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Daesh training militants to pass as regular refugees: Report

Refugees walk near the village of Simanovci along a motorway that links the Serbian capital Belgrade to the Croatian border on November 12, 2016. (Photos by AFP)

The Daesh terrorist group is giving its members specific training on how to pass as ordinary refugees while trying to gain asylum in European countries, says a report.

The report published in Germany’s Die Welt daily cited sources in Germany’s Federal Intelligence Service (BND) as saying that the militants receive specific infiltration training focused on presenting a “classical” refugee persona to authorities and fellow refugees.

Former reports had noted that Takfiri terrorists were attempting to blend in with refugees to enter EU countries, but this is the first time reports have surfaced that they are specifically trained to do so.

“Their behavior is trained to be recognized as a refugee in the case of interrogation by police officers or asylum seeker," said the sources.

The report notes that the militants are receiving training similar to that of special forces such as the use of credible disguises and proper behavior during interrogation and capture.

In July, Germany’s secret service warned that active terrorists or at least Daesh sympathizers may be among refugees entering the country.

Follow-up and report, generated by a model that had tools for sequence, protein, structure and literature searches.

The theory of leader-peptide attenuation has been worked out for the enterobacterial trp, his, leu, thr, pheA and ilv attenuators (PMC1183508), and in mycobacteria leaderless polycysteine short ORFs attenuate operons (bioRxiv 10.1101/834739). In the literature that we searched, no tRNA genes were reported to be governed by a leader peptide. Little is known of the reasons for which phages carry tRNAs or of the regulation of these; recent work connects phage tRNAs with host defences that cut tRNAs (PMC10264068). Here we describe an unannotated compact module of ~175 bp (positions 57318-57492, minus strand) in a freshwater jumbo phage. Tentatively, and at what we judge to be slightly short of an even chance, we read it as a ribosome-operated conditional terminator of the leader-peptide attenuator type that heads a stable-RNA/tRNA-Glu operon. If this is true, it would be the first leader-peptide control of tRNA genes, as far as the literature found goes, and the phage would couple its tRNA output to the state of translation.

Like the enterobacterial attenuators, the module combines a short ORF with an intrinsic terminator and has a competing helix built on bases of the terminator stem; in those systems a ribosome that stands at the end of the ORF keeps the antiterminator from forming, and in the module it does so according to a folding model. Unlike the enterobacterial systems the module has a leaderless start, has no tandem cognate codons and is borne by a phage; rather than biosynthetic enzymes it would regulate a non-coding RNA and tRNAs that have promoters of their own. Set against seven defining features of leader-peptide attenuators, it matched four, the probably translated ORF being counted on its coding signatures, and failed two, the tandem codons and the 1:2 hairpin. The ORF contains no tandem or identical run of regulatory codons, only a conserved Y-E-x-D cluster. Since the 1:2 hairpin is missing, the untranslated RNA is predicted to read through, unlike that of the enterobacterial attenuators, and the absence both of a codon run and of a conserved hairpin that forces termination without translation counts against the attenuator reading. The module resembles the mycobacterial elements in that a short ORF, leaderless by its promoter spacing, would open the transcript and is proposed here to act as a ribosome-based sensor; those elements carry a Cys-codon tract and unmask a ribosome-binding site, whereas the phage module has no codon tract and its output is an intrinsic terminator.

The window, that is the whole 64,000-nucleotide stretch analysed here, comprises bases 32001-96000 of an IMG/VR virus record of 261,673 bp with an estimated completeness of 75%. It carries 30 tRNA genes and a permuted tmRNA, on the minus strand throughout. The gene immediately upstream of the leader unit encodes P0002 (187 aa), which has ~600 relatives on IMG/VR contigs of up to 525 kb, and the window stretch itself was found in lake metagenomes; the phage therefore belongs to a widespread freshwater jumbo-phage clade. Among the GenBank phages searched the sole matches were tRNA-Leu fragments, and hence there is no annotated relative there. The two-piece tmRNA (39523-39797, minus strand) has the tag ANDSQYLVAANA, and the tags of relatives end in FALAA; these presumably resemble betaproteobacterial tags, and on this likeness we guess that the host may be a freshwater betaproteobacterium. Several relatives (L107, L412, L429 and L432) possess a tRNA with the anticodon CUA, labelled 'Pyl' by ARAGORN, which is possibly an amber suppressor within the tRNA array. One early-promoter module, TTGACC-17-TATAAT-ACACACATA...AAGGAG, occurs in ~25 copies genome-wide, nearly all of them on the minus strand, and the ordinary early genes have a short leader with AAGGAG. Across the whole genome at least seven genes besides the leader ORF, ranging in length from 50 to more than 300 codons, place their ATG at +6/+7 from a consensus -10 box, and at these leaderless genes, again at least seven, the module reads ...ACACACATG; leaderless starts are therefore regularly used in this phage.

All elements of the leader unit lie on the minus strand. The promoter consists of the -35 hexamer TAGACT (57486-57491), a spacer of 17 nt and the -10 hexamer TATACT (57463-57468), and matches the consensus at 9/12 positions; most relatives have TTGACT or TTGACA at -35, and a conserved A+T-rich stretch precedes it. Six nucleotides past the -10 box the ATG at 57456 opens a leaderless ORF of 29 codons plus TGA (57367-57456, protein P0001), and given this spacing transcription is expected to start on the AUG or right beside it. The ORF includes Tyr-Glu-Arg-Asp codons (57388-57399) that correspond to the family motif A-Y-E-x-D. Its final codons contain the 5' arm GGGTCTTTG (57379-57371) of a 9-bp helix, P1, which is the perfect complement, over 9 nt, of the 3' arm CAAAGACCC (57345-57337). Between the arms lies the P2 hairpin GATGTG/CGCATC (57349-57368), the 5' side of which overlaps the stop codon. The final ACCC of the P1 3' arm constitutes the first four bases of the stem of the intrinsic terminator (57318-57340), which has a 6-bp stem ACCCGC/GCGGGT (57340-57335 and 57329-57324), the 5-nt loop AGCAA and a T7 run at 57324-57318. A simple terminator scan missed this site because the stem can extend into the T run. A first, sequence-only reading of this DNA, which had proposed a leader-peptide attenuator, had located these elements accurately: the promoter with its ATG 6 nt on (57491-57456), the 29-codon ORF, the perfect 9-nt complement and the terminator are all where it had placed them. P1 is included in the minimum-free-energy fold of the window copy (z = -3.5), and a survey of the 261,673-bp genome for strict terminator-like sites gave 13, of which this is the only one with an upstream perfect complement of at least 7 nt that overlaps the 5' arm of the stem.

The European Union has been dealing with an excessive influx of refugees in recent years, driven by war, famine, poverty and persecution. The crisis has largely divided the continent over how to deal with the situation.

Thousands of Daesh militants to return to Europe

Meanwhile, Belgian Interior Minister Jan Jambon (seen below) has warned that 3,000 and 5,000 surviving Europeans remain among Daesh’s dwindling ranks, many of whom may flee back to their countries of origin.

“Daesh is under pressure in Mosul and Raqqah. Belgian fighters are helping defend the strongholds, but we must be aware that there are not only 200 of our countrymen there, but between 3,000 and 5,000 Europeans,” he said.

After months of preparation, Iraqi army soldiers, backed by pro-government fighters from Popular Mobilization Units and Kurdish Peshmerga forces, launched an operation on October 17 to retake the strategic city of Mosul from the Daesh terrorists.

On November 6, the so-called Syrian Democratic Forces (SDF) announced that they had started operations to capture the Daesh de facto capital Raqqah with the cooperation of the US-led coalition.

Jambon noted that intelligence agencies are monitoring the situation and exchanging information but must wait and see how many of the terrorists actually return.

“117 Daesh recruits have returned to Belgium. About half are in prison, the others under surveillance. There are also several dozen who made failed attempts to get to Syria, and we are observing them,” he added. 

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